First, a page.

We have looked at the settings within Exchange Server and tried changing outbound security settings to allow the account to be authenticated, but to no avail. If you could shed any light on this, it would me much appreciated.
Two things spring to my mind based on your description. First, this could be a problem with your server's ability to categorize and route the message. Second, it could be that the target organization is filtering mail from your domain. In either case you will not receive any NDRs.
If you have not enabled message tracking on your Exchange server, then you need to do so immediately. This will allow you to use the Message Tracking Center that is included in the Exchange System Manger to track the message from the point in time it is submitted to the information store, to the point at which it leaves your organization. So, if the problem is on your server, you will be able to find it.
If, after enabling message tracking, you determine that the message has been successfully categorized, routed and sent to an external host, then you can start to look at whether or not your domain is being filtered by the target organization. Specifically, a "Sender Filter" in Exchange 2000/2003 has the unique ability to filter a message, place it in an archive folder and not to notify the sender or the intended recipient.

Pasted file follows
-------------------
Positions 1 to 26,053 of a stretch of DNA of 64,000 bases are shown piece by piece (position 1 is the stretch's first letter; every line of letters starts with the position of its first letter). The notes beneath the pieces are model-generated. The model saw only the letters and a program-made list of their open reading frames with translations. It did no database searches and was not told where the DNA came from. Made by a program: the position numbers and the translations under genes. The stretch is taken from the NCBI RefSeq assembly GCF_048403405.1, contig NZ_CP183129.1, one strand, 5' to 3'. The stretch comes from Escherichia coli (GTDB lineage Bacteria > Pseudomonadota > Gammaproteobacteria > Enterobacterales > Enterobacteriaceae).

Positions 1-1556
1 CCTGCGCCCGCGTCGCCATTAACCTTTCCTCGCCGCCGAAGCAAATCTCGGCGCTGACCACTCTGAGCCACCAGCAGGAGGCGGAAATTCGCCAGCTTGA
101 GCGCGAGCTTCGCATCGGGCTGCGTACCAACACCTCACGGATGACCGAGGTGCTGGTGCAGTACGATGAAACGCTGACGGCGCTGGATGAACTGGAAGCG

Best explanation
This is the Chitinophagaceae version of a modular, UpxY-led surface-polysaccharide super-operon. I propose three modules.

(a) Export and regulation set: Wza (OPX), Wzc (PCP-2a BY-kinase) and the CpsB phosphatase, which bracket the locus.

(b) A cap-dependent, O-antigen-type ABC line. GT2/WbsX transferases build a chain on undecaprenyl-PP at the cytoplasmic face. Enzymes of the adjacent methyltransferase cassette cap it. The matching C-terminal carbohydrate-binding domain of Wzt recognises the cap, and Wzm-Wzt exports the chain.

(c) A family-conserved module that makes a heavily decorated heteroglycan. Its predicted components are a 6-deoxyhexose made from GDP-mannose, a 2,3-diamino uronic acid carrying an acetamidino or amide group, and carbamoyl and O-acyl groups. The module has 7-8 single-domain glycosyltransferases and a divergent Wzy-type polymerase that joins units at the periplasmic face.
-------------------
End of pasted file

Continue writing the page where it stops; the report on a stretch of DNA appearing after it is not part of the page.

For more information on troubleshooting mail flow problems, including how to use the MTC, see General troubleshooting for transport issues Exchange 2000 Server and in Exchange Server 2003.
MEMBER FEEDBACK TO THIS ASK THE EXPERT Q&A:
I am having a similar problem. I work for a company that still uses Exchange 5.5 with a mix of Windows 2000 and NT4 servers. Lately I have gotten some complaints about outgoing e-mail not getting received at the other end. I am having a hard time finding information on how to turn on the necessary diagnostic logging for Exchange 5.5, since it is no longer supported by Microsoft.
Can you point me to somewhere that would have information about how to troubleshoot outgoing SMTP traffic with Exchange 5.5?
The fact that Exchange 5.5 is no longer being supported has in some way impacted every organization still running 5.5. However, Exchange 5.5 is still an extremely well documented product and Microsoft did not systematically remove all knowledge base articles from their support site or TechNet.
Another good thing about the problem you are having is that SMTP is an open standard. The troubleshooting techniques are somewhat universal. The tricky part is finding out how to do it in Exchange 5.5. I would start with the article "Verifying the configuration of an Internet mail service." You can also find answers to your Exchange 5.5 problems from articles that may seem unrelated, such as "How to troubleshoot Exchange Server 5.5 behind Proxy Server 2.0." One of the links in this article includes instructions on how to enable diagnostic logging: "How to obtain additional information from Internet mail or unsolicited commercial e-mail."
Unfortunately, while you can capture the command/reply process between your server and external SMTP host, you may need to enlist the administrator of the target organization's help in identifying why the e-mail is not reaching the target recipient. Keep in mind that security devices, like spam filters, could ultimately be the culprit here.
—Richard Luckett, Spam and Security Expert
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